Scottish barley growers were yesterday given assurance by Diageo, the biggest buyer of grain in the country, that – where possible – it would be buying from within Scotland.
But it was obvious from what Andy Roberts, Diageo’s procurement director, told members of the Scottish Agronomy co-operative, which provides husbandry advice to the majority of growers in Scotland, that producing sufficient whisky for a growing world market was paramount in his company’s plans.
Diageo is already the biggest operator in the whisky market as well as being the world’s leader in premium drinks. While the European market for whisky has taken a knock from the economic downturn, other markets for whisky, in India, China and South America, are booming.
Diageo owns some 28 distilleries in Scotland and with a growing world market for this iconic drink, Roberts said the current company plans were to build another two major distilleries as part of a five-year £1 billion investment programme.
“We are looking at between 5 and 10 per cent annual growth in the whisky market and if Scotland can supply malting barley for that then we shall be buying.”
But Roberts also admitted they would be buying malt from a third party in order to ensure sufficient whisky was made for the market and this raised concerns for one Scottish Agronomy member.
While there might be a shortage of malting capacity in Scotland, he pointed out that English maltsters faced a downturn in demand for beer and had spare capacity. He asked Roberts if Scotch whisky could be made with malt bought in England using English-grown grain?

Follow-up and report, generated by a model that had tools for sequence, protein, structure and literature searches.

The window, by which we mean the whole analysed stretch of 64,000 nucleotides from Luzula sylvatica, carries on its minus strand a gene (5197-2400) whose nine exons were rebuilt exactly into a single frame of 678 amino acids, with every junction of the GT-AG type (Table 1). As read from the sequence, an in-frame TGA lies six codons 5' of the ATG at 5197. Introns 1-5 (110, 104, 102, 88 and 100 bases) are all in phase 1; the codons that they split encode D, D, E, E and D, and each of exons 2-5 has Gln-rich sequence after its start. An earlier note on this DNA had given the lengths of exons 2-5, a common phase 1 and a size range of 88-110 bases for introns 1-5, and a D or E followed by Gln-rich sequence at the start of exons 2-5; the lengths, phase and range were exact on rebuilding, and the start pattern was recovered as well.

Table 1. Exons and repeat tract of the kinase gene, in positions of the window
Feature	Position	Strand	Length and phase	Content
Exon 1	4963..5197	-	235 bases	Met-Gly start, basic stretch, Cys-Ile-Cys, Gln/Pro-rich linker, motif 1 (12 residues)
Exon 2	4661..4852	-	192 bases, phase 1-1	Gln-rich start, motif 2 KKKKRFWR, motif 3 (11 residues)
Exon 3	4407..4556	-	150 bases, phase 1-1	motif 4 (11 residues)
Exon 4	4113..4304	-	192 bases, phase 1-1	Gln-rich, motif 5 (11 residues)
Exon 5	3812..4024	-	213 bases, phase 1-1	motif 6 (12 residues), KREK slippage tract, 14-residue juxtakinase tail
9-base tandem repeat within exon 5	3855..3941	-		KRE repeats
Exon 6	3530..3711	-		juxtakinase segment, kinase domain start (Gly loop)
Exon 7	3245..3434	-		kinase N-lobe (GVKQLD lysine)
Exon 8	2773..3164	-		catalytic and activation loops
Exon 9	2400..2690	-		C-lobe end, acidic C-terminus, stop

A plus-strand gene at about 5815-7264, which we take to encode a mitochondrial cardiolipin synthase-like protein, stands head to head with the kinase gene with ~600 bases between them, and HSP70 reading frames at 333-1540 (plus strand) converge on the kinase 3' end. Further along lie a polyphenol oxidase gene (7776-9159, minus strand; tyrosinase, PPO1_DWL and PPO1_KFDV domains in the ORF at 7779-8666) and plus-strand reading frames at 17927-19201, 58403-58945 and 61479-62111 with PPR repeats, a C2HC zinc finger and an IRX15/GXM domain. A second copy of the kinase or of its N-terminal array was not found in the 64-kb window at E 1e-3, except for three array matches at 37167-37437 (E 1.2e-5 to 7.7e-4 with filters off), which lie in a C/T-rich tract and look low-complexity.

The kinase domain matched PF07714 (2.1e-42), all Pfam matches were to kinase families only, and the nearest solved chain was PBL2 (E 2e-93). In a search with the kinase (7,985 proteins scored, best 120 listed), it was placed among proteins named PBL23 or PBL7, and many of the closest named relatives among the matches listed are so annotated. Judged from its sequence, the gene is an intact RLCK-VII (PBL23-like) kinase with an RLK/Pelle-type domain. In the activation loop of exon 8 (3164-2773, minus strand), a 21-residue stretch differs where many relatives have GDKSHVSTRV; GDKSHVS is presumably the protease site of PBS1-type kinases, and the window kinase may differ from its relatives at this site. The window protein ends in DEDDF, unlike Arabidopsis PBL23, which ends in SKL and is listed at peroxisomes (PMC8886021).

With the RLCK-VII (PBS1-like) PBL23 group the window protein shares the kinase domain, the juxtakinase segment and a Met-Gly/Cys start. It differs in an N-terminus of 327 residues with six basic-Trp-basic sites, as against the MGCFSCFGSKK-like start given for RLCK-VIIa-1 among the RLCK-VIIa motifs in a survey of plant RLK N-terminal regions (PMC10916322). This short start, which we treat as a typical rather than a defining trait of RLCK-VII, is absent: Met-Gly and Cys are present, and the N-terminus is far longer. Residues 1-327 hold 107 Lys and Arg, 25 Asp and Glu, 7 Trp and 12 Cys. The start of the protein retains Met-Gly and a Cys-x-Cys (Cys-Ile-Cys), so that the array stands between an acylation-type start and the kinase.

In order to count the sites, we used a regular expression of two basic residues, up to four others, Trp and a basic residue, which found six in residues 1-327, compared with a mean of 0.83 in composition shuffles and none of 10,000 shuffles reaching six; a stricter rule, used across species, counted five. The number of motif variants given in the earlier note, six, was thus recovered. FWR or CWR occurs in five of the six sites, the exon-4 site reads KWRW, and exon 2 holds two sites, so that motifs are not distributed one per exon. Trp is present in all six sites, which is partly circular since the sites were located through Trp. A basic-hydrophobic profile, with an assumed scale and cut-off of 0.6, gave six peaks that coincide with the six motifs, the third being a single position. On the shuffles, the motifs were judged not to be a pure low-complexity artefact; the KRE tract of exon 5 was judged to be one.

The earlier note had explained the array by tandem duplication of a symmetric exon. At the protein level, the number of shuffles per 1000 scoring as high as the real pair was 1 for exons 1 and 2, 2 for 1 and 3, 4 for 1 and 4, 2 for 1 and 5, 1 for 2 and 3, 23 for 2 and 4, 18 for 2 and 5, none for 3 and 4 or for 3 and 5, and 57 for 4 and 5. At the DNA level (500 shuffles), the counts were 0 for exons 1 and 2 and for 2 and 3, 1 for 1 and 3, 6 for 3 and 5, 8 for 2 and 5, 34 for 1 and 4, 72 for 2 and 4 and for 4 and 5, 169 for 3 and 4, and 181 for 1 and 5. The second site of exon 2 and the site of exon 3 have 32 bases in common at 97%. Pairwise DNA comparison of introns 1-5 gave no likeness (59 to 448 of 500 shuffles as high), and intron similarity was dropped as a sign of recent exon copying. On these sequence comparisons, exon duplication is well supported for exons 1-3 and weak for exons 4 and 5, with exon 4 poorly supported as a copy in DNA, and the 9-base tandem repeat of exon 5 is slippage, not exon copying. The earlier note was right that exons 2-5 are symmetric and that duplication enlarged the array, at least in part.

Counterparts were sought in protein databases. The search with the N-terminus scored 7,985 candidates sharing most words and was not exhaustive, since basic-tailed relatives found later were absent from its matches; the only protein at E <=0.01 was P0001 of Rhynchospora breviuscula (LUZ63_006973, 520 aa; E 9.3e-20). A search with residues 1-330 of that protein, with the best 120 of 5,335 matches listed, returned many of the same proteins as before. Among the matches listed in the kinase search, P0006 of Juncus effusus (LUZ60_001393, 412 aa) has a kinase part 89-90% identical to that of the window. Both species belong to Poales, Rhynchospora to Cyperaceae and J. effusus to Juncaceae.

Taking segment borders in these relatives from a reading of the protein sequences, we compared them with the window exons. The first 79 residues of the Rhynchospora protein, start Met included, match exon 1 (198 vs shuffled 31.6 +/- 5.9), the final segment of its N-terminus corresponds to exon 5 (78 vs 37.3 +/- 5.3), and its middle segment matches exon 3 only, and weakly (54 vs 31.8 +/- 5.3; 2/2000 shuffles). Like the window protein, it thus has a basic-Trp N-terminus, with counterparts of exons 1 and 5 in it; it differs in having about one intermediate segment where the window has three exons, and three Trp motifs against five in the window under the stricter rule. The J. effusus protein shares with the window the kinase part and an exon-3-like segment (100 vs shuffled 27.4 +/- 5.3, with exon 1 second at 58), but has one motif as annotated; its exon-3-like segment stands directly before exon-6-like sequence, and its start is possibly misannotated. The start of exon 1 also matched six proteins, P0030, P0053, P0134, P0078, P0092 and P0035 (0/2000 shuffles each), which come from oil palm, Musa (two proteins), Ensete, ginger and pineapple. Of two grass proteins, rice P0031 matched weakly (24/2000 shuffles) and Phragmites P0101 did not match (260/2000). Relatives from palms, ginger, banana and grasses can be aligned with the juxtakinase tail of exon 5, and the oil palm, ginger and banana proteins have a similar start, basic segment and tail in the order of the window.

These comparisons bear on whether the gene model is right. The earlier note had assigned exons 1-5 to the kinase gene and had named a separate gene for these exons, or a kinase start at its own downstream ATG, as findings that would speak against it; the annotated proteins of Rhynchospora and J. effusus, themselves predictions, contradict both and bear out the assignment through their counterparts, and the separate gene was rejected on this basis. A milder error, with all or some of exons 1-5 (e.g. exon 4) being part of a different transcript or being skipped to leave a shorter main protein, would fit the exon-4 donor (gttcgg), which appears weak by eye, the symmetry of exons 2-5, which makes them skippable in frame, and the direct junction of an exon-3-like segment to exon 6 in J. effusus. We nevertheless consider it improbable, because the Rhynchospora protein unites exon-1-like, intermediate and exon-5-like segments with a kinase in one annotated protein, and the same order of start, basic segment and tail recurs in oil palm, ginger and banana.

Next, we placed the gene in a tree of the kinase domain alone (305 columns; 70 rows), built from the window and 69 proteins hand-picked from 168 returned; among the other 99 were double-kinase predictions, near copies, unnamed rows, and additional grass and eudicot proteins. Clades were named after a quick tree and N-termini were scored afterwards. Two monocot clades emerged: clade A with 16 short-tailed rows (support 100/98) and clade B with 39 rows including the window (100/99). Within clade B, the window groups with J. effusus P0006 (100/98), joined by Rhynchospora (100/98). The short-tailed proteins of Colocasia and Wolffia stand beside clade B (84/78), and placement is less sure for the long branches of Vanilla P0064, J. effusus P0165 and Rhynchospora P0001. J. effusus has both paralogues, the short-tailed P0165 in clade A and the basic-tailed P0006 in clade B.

Roberts said that his fear was the whisky industry could outgrow the ability of Scottish cereal growers to supply the necessary grain but, on receiving assurance that barley production could, and most definitely would this year, be well ahead of malting demand, he confirmed that Diageo would be buying in Scotland “as far as possible”.
Also speaking at the meeting in Perth was Andy Hindhaugh of McCreath Simpson & Prentice who have recently expanded their malting capacity at Berwick on Tweed. He predicted that this coming year it was quite possible the premium for malting barley over feed samples would be narrower.
He did not want to be more definitive, saying that it would be May before matters became clearer. By that time, the crop would be in the ground and an assessment could be made on how they looked and what the actual sown acreage was.
He stressed that his company was now offering a range of contracts for growers to cater for their differing needs. Some might be growing spring barley this year for the first time for a number of years and might want a one-crop agreement while others would be happier with a three-year deal.
“For growers, it is all about how best to manage volatility and we are trying to provide a selection of management tools to help them manage the situation,” he said